- The Washington Times - Monday, July 17, 2006

Pink is an interesting performer.

Born Alecia Moore, the 26-year-old has already been in the business for more than six years and has carved out a very successful niche for herself. She’s not a sensitive singer-songwriter like so many other young women on the music scene. Yet she’s not a pop puppet, despite her platinum blonde tresses and sassy sex appeal. She co-writes her songs and has ditched the R&B; that made her debut, 2000’s “Can’t Take Me Home,” a success in favor of rock-pop that appears better suited to her singular persona.

Just think of her as the Joan Jett of our day.

The Pennsylvania native brought her brand of slightly elegant trashiness to the 9:30 Club on Sunday night. She opened the rollicking concert with “‘Cuz I Can,” a tough anthem from her recent release, “I’m Not Dead.” Clad in a sharp black blazer and wielding a black schoolmarm-type pointer to emphasize her moves, the singer could have easily been mistaken for a dominatrix.

“I don’t play by your rules, I make my own,” Pink sang, underscoring the rebelliousness that’s become her trademark. “I’ve still got it,” she said at one point. “And I’m still pissed off.”

However, unlike Alanis Morissette — another songstress famous for being angry — Pink has fun. She soon ditched the black jacket and the rod and got down to the business of putting on a very good show. The multiplatinum artist could probably have filled a bigger hall, but playing in a more intimate setting gave her a chance to work the room. She had no problem developing a comfortable rapport with the 9:30’s capacity audience, even as she occasionally flashed her diamond encrusted teeth at the crowd.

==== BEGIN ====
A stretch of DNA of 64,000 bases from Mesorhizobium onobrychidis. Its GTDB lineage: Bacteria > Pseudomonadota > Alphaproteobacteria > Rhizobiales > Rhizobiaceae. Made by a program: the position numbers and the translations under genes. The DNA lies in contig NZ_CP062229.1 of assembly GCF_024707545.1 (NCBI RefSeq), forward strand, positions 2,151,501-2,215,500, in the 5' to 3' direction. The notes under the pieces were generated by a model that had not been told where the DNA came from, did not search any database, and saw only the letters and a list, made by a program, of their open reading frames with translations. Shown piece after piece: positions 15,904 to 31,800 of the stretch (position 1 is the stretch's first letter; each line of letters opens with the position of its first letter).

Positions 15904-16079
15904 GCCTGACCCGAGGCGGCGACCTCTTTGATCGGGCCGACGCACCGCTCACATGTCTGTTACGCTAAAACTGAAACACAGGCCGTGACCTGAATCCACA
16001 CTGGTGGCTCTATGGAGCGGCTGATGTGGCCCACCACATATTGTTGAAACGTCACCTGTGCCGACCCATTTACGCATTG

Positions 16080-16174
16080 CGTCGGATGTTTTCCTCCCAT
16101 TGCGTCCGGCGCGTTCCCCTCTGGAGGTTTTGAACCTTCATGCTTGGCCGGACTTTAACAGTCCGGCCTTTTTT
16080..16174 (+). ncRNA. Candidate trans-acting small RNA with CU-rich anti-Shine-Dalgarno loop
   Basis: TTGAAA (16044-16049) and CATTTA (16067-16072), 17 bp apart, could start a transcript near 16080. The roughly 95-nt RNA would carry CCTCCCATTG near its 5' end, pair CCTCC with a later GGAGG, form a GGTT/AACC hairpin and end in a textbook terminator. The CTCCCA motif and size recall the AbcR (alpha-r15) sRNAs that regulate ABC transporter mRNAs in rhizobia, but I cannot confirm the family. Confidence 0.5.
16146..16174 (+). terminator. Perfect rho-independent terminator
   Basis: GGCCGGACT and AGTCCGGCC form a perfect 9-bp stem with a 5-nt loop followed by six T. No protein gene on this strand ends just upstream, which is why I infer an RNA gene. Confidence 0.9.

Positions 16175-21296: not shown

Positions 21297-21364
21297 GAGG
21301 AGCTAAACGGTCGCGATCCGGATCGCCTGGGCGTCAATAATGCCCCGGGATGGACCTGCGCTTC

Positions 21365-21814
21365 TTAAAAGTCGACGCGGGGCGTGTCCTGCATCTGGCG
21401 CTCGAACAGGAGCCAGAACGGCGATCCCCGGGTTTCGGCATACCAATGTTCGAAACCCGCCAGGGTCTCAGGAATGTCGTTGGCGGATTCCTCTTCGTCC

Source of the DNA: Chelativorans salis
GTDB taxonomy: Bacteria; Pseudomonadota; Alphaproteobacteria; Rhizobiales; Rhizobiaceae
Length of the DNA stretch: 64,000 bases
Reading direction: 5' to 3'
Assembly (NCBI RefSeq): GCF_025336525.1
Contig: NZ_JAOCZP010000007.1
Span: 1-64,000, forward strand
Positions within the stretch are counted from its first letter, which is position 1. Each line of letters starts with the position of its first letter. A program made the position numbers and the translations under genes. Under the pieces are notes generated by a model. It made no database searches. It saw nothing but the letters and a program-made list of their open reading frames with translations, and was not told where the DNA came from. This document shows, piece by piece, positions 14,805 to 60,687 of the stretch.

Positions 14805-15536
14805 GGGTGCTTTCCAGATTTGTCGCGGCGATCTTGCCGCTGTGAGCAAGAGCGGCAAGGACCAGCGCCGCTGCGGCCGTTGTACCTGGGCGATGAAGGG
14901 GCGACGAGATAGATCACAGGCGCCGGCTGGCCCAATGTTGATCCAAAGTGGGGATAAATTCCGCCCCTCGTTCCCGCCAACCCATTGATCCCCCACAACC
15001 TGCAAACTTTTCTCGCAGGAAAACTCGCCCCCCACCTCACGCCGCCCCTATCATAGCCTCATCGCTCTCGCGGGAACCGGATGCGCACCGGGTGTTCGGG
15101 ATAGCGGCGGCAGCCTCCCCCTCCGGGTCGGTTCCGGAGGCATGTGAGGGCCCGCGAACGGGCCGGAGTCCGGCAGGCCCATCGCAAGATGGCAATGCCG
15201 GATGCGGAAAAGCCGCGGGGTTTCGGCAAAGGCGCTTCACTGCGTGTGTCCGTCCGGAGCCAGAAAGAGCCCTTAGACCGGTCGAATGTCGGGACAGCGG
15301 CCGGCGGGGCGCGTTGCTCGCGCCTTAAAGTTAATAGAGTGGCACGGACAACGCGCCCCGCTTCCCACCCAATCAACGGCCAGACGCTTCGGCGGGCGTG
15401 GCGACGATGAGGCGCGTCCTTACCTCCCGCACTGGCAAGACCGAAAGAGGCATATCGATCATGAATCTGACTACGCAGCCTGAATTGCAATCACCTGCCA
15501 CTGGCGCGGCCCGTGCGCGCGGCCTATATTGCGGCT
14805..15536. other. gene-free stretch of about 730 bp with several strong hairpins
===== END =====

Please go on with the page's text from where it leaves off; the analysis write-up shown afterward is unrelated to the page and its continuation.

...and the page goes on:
Pink’s strong voice certainly could have filled a bigger venue, sounding bluesy at times, as on “The One that Got Away” and a 4 Non Blondes’ 1993 hit “What’s Up.” (Blondes’ vocalist Linda Perry co-wrote much of Pink’s breakthrough album, 2001’s “Missundaztood.”)

Pink’s backing band also deserves credit for tearing down the house. Half of her six-piece accompaniment was female; Janice Tanaka on bass was a particular standout. Keyboardist Jason Chapman was given a long solo to open “Family Portrait.” Musically, it was a strong piece — though it does seem rather de rigeur these days for young female singers to release songs about family angst.

The night’s encore brought a surprising acoustic set. The band brought back their electric guitars to end with Pink’s biggest hit, 2001’s fun “Get the Party Started.” The lyrics were perhaps inappropriate as a closer, but the energetic dance number ended the show on its highest note.

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